Roger Greenaway is a superb facilitator. Even though we have never met, we run in similar loops and his work is commonly referred to by my customers and other people in this business of learning. He and I have had some good correspondence on ideas and his work — regardless of your skills — is useful.
You can find his website here, and I wanted to write about one of his posts because I think it is really solid and related to what we do with our team building games and what we might do better.
Roger sees some of the common traps as these:
1. Apologising for holding a review
2. Asking ‘What did you learn?’ at the start of a review
3. Speeding: expecting instant thoughtful responses
4. Trivialising: expecting brief answers to big questions
5. Controlling the whole review process, or trying hard to do so
6. Keeping the whole group together for every review process
7. Filling up flipcharts
8. Strongly favouring one learning style
9. Assuming that everyone had much the same experience
10. Welcoming certainty
11. Talking too much as a facilitator
and he details his thinking on this page on his website.
I wanted to reframe one of these because it is common to my suggested debriefing around game play in The Search for The Lost Dutchman’s Gold Mine and are commonly used in most game debriefings. Roger’s #2 problem is one of the ones that I disagree with (2. Asking ‘What did you learn?’ at the start of a review).
Roger suggests that there is an Unintentional Message, that:
“The learning has already happened – so don’t expect to learn anything new in this review.” Just four words (“What did you learn?”) transform an opportunity for new learning into a memory test.
Avoid trap 2 Follow a sequence that is designed to generate learning from experience during the review. For example:
- Start by asking for descriptions of what happened and of what people were doing. (Consider how selective you want these accounts to be, and whether you want participants to focus on particular themes or perspectives.)
- Ask yourself (or the group) whether visual aids would assist their reflection and communication (eg pictures, diagrams, photos, video or re-enactments of key moments).
- Encourage participants to look out for different versions of events and experiences. Such curiosity helps to bring out new learning.
- Notice how much description is ‘external’ (equivalent to CCTV footage) and how much reveals ‘internal’ worlds of feelings, reasons, intentions etc. Recognise that a lot of learning will arise from bringing out new information – both external and internal.
If you also want the group to recap what they have already learned, try to do so in a way that does not interfere with their expectations of new learning arising during the review process.
My thinking is that this is the BEST way to start the debriefing and learning part of an experiential learning session anchored to a game.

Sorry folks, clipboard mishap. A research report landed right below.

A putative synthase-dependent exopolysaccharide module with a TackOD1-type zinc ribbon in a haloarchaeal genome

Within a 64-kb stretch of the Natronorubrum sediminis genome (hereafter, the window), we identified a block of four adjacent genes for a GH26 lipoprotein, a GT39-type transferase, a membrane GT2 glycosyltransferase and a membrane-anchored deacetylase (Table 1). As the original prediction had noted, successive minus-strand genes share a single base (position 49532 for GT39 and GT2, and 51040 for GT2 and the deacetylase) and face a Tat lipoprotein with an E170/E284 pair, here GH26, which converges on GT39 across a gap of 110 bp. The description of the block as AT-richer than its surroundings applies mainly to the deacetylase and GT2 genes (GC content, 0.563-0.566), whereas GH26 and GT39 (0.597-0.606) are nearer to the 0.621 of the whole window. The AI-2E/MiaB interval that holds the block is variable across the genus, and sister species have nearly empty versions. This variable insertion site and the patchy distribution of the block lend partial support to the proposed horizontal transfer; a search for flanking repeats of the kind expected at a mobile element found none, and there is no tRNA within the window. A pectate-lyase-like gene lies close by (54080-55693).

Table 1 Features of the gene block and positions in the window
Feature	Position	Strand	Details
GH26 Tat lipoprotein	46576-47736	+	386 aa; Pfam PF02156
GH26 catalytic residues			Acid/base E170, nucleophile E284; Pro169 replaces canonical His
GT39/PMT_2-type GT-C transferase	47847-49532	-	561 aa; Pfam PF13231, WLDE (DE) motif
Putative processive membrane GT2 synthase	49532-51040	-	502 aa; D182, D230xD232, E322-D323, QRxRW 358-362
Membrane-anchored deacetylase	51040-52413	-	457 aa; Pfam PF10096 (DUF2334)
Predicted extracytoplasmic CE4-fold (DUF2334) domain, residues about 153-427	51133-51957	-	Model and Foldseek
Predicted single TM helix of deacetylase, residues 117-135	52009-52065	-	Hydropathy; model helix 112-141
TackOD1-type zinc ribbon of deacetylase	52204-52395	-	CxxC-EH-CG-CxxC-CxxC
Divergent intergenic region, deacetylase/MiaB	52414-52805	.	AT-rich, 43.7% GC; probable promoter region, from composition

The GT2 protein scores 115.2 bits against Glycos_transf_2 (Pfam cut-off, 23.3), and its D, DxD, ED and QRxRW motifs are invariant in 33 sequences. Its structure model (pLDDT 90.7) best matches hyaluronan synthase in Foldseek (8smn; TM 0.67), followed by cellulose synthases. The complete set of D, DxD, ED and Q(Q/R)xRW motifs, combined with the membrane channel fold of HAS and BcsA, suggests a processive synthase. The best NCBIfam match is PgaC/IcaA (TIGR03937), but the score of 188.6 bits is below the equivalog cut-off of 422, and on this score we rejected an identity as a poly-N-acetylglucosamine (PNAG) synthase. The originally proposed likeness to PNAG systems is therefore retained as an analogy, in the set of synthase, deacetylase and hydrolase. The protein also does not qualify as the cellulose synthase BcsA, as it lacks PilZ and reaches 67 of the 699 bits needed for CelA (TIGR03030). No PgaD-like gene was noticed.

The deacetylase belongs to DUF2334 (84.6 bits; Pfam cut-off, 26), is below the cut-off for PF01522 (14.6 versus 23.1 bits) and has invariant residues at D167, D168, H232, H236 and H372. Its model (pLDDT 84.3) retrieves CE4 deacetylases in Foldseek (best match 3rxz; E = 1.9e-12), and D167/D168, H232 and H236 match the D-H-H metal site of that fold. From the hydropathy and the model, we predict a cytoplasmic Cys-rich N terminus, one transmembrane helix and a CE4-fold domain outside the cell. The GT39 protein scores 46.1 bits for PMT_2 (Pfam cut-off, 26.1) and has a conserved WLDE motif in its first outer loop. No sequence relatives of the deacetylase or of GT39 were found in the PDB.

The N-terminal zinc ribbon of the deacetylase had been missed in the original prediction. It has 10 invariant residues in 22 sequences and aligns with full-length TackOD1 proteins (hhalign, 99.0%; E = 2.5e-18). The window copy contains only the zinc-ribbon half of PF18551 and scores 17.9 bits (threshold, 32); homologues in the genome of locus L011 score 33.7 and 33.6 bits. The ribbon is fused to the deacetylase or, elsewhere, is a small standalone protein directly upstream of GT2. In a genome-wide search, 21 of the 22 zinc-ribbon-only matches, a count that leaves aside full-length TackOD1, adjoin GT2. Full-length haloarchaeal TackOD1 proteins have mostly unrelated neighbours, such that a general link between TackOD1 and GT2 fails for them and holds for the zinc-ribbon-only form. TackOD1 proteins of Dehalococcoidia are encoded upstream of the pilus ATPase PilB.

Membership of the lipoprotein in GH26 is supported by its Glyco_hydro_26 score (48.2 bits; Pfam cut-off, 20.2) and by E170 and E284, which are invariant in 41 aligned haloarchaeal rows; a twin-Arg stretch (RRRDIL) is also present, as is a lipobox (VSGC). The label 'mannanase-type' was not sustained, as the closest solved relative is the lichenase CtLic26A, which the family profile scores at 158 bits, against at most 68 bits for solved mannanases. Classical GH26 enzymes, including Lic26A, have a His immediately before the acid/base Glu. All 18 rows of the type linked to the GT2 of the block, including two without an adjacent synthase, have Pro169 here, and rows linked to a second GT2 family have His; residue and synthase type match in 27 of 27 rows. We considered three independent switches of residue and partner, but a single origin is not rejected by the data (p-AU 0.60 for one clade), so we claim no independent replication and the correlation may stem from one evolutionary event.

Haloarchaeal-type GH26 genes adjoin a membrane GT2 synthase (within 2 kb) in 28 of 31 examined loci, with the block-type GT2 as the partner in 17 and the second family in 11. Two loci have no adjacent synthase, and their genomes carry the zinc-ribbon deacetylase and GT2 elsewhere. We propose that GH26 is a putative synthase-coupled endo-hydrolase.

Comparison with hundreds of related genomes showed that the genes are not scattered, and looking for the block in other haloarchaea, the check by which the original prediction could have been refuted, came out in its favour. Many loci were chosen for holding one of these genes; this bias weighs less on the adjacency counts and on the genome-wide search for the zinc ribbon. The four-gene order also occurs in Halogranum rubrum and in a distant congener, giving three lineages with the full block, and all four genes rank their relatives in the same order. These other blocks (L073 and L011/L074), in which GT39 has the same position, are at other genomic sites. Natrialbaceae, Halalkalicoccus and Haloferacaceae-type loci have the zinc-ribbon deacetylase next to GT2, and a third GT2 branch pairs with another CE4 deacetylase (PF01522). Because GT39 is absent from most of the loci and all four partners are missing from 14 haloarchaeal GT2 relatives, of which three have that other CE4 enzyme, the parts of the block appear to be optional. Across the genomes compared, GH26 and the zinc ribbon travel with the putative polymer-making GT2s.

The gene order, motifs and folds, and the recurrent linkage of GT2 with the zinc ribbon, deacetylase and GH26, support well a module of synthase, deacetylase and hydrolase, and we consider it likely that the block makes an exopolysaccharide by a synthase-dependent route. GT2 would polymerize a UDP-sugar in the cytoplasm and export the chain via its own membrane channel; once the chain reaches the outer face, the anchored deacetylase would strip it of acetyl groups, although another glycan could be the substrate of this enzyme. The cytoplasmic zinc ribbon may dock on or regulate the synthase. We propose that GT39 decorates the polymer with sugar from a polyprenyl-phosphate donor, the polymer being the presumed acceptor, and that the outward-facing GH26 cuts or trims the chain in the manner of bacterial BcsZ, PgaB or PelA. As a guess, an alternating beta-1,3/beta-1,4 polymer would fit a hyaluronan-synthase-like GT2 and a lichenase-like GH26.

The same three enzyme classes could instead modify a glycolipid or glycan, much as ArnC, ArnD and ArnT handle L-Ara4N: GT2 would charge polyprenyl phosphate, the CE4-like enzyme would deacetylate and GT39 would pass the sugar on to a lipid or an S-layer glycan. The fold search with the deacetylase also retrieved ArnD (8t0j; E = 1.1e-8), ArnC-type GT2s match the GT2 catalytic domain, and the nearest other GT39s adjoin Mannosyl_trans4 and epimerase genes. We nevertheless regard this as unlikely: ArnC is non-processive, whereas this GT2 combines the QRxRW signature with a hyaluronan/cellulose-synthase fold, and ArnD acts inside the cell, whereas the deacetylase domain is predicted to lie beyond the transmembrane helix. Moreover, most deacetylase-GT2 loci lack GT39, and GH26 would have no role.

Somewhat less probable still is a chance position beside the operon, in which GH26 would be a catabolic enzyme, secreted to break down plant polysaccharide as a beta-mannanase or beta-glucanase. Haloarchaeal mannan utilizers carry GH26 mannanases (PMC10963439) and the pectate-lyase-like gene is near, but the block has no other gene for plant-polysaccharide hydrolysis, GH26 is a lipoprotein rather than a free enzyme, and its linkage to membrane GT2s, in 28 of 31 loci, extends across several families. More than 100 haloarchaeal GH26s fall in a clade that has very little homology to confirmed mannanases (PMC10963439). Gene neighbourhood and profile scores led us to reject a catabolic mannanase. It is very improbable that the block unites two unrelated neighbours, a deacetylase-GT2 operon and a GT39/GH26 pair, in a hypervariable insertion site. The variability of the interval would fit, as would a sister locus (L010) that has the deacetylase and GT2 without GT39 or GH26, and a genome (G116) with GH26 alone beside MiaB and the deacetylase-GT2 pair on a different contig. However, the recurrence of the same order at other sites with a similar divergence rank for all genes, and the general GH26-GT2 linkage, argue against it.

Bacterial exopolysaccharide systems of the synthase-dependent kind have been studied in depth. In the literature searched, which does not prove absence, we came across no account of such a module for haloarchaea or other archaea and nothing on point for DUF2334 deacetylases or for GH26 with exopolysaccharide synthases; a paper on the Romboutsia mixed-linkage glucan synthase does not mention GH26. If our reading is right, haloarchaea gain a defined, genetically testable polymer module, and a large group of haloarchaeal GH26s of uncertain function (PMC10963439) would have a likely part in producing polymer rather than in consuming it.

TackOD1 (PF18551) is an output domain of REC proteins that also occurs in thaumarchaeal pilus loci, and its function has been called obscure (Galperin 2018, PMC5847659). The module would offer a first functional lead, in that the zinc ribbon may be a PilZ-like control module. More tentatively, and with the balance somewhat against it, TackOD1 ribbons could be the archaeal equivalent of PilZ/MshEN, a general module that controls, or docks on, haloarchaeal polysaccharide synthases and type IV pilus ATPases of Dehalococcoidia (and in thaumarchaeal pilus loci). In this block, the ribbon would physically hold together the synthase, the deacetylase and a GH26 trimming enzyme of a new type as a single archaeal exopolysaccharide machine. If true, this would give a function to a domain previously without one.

I will suggest that this simple question of, “What did you learn from your experience,” done as a tabletop open discussion really allows our players to discuss the game from an ending perspective, that it allows them to discuss the decisions that they made that led to the different outcomes that they got.
One of my goals is to get that experience fully anchored in their thinking and to get the play of the game up front, so that we can discuss it and “put it in the back and move forward.”
Since it is done at a tabletop among teammates who shared an emotional experience, it has been my experience that the group is able to talk about information that was accepted and rejected, advice and help that they could have received early in the game, etc.
It was my experience in debriefing the exercise early on that the players would continue to talk about the play of the game as we tried to move ahead in our discussions of the choices they could make for improving the workplace, that the game was getting in the way of the learning… By allowing them to discuss their shared experience and decisions first, we could get that out of the way and move on.
I then repackage this same question and get them to focus on the learning as it relates to their organization, the desired outcomes for the session and the issues and opportunities they see for change and improvement. I want to use the behaviors of the game to link to the behaviors in the workplace.
Reading Roger’s thoughts on this is interesting and gives me pause. Maybe there are other ways of accomplishing the same kinds of things. My thinking was to spend a bit of time on this and NOT allow a long and divergent discussion of the game, but to move quickly toward choices and links to the workplace.
You can see an overview of The Search for The Lost Dutchman’s Gold Mine here.
Dr. Scott Simmerman is a designer of team building games and organization improvement tools. Managing Partner of Performance Management Company since 1984, he is an experienced presenter and consultant.
Connect with Scott on Google+ – you can reach Scott at firstname.lastname@example.org
Follow Scott’s posts on Pinterest: pinterest.com/scottsimmerman/
Scott’s blog on Poems and Quips on Workplace Improvement is here.
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